The backyard of the Perry Mansion Cultural Center. Credit: courtesy Sam Smith

When Sam Smith opened the Perry Mansion Cultural Center in 2010, his
preeminent goal was to reclaim and reshape the narrative of black life in
America. “You build bridges by having the ability to control your image and
your story, and [black people] don’t get to do that,” Smith says. And with
each exhibit, he’s been able to tell this story piece by piece, but its
culmination will come in a few years when he’s completed building a slave
ship in the basement for an exhibit that will be called “The Slave

The Queen Anne-style house that is the Perry Mansion Cultural Center is
located at 7042 S. Perry, in Englewood. When Smith first purchased the
home, it was a dilapidated drug hub in a crime-ridden neighborhood. Smith,
who was born in Mississippi but raised in Chicago, was confident that the
neighborhood had more to offer than drugs, delinquency, and death. The
Perry Mansion Cultural Center was his way of proving and showcasing that.

“It’s been very good for this block,” Smith says. “When I first bought this
place there were heroin addicts nodding off in the middle of the street,
the block was full of young people selling drugs and hanging out. You don’t
get any of that now, and it’s because they have respect for the space.”

Since its inception, the cultural center has hosted museumlike art
exhibits, open-mike nights, after-school programs, and more. And although
it may be coincidental, Englewood has seen a decrease in crime since the
Perry Mansion Cultural Center opened its doors.

Smith says that community members have told him how much they love the
cultural center and what it has done for the neighborhood. He says that
he’s built relationships with some of the young people who were initially
causing trouble when he first moved in. “I’ve had conversations with them
about the importance of the space,” he says. “I’ve even sent three of the
young people who used to hang out on this block to Job Corps.”

It’s been two years since the cultural center’s last exhibit, titled
“Tortured Souls.” That exhibit focused on the transatlantic slave trade and
introduced the model of the ship that will be built for “The Slave
Experience.” The ship will be made of wood and will encompass the entire
2,200-square-foot basement. There will be wax figures of slaves lying on
the floor of the hold, and the basement itself will be vacuum sealed.

His intent is to give visitors “a real-life example of what it was like to
be transported on the ships,” Smith explains. “You will experience all the
sounds and the smells of what it would be like on the middle decks of the
ship. It won’t be a pleasant experience.”

Along with the ship, the rest of the house will be turned into a “Slave
Experience” exhibit. The attic will serve as a ballroom and documentary
screening room. The first and second floors will feature art from artists
across the globe, all inspired by the Middle Passage. There will be panel
discussions where the featured artists are given the opportunity to discuss
their work. Then experts will join them and provide the facts of what
transpired during the ordeal.

Smith is planning this exhibit himself, as he usually does, but since the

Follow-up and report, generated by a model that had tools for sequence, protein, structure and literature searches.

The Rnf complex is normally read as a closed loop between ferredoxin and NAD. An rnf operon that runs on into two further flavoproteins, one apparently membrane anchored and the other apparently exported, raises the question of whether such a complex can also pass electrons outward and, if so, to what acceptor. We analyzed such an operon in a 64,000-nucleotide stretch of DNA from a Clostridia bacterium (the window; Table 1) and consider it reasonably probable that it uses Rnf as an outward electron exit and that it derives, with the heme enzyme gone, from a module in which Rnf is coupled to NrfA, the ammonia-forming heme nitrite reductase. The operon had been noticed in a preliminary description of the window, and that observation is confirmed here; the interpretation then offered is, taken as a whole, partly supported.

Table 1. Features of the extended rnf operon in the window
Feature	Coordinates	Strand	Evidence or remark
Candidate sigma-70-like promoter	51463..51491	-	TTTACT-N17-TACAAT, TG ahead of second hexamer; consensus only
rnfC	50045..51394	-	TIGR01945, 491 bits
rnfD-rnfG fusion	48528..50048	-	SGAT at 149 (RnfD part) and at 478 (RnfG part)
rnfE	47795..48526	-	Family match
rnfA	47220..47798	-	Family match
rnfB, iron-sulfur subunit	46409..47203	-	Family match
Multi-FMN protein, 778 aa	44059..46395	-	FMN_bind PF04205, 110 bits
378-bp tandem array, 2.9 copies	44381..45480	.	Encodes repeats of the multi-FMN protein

ship will be so large he will be getting assistance with construction.
After the exhibit, the ship will remain as a permanent fixture at the
Cultural Center.

Building this slave ship is something that Smith says he has been thinking
about for nine years now. By his estimate, “The Slave Experience” exhibit
will be a $1.2 million project. Fund-raising efforts for this particular
venture are in beginning stages and set to launch in September. Once the
money is raised, the ship will take two to three years to build.

In the meantime, Smith is currently working on a dual exhibit that’s set to
be completed by next year. One level will be an exhibit on the Flint water
crisis and other cities across the country that have even higher levels of
lead in their water. The other level will be an exhibit on the nation of
Mauritania, where, although slavery was abolished in 1981, 20 percent of
the population is still enslaved. (He is considering, though, changing the
Mauritania exhibit to one on black wealth instead.)

While it has been rewarding, running the cultural center alone has been
taxing for Smith, who is also a master carpenter and furniture maker. “I
have to work every day to make a living; I do this in my spare time. After
I work all day and I go to the gym, I come back here and I build either
early in the morning or very late at night,” he says. “Time is very
challenging and, of course, [lack of] resources are challenging.”

The cultural center is a 501(c)(3) tax-exempt nonprofit that operates
solely through donations, without any grant funding. Smith started a
GoFundMe about a year and a half ago to raise money for basic upkeep and
costs associated with upcoming exhibits, but it hasn’t been very

“It’s a constant battle,” Smith says of his work maintaining the Cultural
Center. “It’s such a great demand on me personally,” but “I’m not finished
with what my original goal was with this space.” While he does plan on
passing on the responsibility of operating the Perry Mansion Cultural
Center to a successor, Smith must first finish “The Slave Experience”
exhibit. His original goal was to “direct our story and tell our story from
our perspective. And that will be done when the slave-ship piece is
completed.”   v